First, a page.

A lot of it starts with consistency and energy from the Hawks.
“We want to try and improve on that and make our building a tough place, really an impossible place for teams to come in and get a win,” McMillan said of last season’s home record. “... It’s all up to us. We have to establish that energy in the building, give our fans something to cheer for, to support, to come out and see. So that’s all on us, making this a tough place to play by the style of basketball that we bring to the floor.”
In terms of entertainment value, Trae Young and company certainly bring the highlight plays, which helps the team boost its engagement and following, John Collins thinks.
“That’s a big part of why I feel we’ve been able to turn it around so quickly, you have Trae’s dynamic, myself, (Clint Capela), the young core is booming and ready to go, some swag, some energy and some juice, and it’s fun to watch, so not only are we showing that we can produce and win games, but it’s fun and it’s not a slow pace, we’re up and down,” Collins said. “We want to move, we want to run and go, and I feel like that just adds to the aura and what makes us have that Hawks basketball identity that we’re trying to build.”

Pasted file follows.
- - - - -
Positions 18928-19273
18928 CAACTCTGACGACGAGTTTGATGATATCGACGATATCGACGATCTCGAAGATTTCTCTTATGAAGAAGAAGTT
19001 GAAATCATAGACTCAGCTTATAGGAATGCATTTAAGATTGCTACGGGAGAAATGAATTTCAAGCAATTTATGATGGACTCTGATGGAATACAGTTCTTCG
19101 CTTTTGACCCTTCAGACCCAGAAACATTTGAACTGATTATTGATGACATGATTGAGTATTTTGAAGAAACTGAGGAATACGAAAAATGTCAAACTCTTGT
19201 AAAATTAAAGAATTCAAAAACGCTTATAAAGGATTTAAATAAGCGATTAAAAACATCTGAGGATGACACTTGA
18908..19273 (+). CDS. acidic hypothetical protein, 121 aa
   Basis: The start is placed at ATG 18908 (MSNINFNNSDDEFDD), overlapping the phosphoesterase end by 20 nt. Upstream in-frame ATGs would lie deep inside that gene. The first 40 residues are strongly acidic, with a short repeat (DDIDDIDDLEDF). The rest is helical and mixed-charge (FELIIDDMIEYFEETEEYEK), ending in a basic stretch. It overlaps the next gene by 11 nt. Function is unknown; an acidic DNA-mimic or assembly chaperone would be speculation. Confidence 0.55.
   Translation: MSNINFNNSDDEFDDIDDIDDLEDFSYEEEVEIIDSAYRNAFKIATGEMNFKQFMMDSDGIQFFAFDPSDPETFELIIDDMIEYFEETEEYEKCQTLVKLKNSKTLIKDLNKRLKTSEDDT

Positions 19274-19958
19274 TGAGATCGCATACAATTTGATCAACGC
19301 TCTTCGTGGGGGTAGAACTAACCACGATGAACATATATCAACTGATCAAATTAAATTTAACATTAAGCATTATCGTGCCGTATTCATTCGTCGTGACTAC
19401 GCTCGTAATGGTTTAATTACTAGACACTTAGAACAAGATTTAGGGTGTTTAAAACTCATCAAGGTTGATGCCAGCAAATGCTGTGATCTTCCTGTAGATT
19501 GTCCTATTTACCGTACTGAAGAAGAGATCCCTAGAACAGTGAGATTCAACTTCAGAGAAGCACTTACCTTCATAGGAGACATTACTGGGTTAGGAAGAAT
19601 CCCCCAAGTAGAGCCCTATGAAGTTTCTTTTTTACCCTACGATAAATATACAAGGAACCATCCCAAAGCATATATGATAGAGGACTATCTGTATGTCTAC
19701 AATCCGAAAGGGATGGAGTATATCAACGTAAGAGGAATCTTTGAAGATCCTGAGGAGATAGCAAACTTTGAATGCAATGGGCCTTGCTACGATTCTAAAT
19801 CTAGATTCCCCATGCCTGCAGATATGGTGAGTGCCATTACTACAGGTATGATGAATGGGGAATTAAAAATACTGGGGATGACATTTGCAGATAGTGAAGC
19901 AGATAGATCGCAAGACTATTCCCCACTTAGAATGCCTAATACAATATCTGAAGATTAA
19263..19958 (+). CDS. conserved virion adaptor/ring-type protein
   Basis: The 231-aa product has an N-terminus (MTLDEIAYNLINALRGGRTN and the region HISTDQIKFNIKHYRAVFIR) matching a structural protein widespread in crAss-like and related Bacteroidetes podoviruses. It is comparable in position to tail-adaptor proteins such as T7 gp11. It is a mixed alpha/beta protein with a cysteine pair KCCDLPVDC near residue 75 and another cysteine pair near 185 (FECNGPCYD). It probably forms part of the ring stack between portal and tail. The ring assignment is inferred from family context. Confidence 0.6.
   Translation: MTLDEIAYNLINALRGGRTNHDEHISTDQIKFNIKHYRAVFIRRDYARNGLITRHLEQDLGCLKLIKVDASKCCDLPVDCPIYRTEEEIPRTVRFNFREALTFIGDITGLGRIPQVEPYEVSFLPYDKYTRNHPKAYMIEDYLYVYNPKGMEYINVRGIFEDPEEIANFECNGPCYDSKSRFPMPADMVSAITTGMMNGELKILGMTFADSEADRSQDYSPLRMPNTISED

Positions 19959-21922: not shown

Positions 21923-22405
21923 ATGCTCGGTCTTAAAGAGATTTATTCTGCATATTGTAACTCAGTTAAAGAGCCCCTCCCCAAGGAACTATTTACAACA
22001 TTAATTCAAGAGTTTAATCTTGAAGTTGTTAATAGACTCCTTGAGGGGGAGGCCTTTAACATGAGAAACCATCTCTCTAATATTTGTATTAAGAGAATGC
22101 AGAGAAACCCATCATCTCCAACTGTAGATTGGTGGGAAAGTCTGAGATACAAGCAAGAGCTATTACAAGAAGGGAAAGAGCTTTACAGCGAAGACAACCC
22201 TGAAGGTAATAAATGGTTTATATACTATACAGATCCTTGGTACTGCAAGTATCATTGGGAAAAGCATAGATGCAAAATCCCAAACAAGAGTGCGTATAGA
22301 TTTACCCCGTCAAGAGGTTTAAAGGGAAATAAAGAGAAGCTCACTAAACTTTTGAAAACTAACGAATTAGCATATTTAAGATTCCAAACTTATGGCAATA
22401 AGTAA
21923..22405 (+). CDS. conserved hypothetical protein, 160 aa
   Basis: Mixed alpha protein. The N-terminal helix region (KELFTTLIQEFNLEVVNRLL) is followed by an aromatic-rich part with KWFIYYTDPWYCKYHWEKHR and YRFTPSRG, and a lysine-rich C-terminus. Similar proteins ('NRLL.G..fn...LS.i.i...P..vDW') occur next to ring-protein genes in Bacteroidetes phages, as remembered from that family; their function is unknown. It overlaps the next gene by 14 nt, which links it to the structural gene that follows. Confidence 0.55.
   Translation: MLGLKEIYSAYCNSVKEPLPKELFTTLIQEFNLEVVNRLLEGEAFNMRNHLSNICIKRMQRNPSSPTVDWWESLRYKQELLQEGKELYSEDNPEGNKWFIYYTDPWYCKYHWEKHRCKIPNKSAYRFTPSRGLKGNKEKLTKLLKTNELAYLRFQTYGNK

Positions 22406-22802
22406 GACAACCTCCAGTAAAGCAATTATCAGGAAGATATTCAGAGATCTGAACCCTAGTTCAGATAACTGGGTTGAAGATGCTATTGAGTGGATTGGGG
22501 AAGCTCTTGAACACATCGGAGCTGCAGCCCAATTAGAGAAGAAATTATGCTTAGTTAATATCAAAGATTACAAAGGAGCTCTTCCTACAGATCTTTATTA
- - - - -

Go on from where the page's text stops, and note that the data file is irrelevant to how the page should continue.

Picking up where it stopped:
Ultimately, building up home-court advantage is a mind-set, per Kevin Huerter.
It means the Hawks have to do everything they can to create a hostile environment for opponents, whether that’s getting the crowd into it or just being as difficult as possible to beat on their own turf.
“It’s going in with losing not being an option, it’s using the crowd to gain momentum throughout the game, but just being tough to be on our home court, being relentless,” Huerter said. “... The best teams are tough to beat at home and that’s something that we’ve experienced the past couple years, coming in and playing some of the better teams in the league on their home court, and that’s what we need our atmosphere to be.”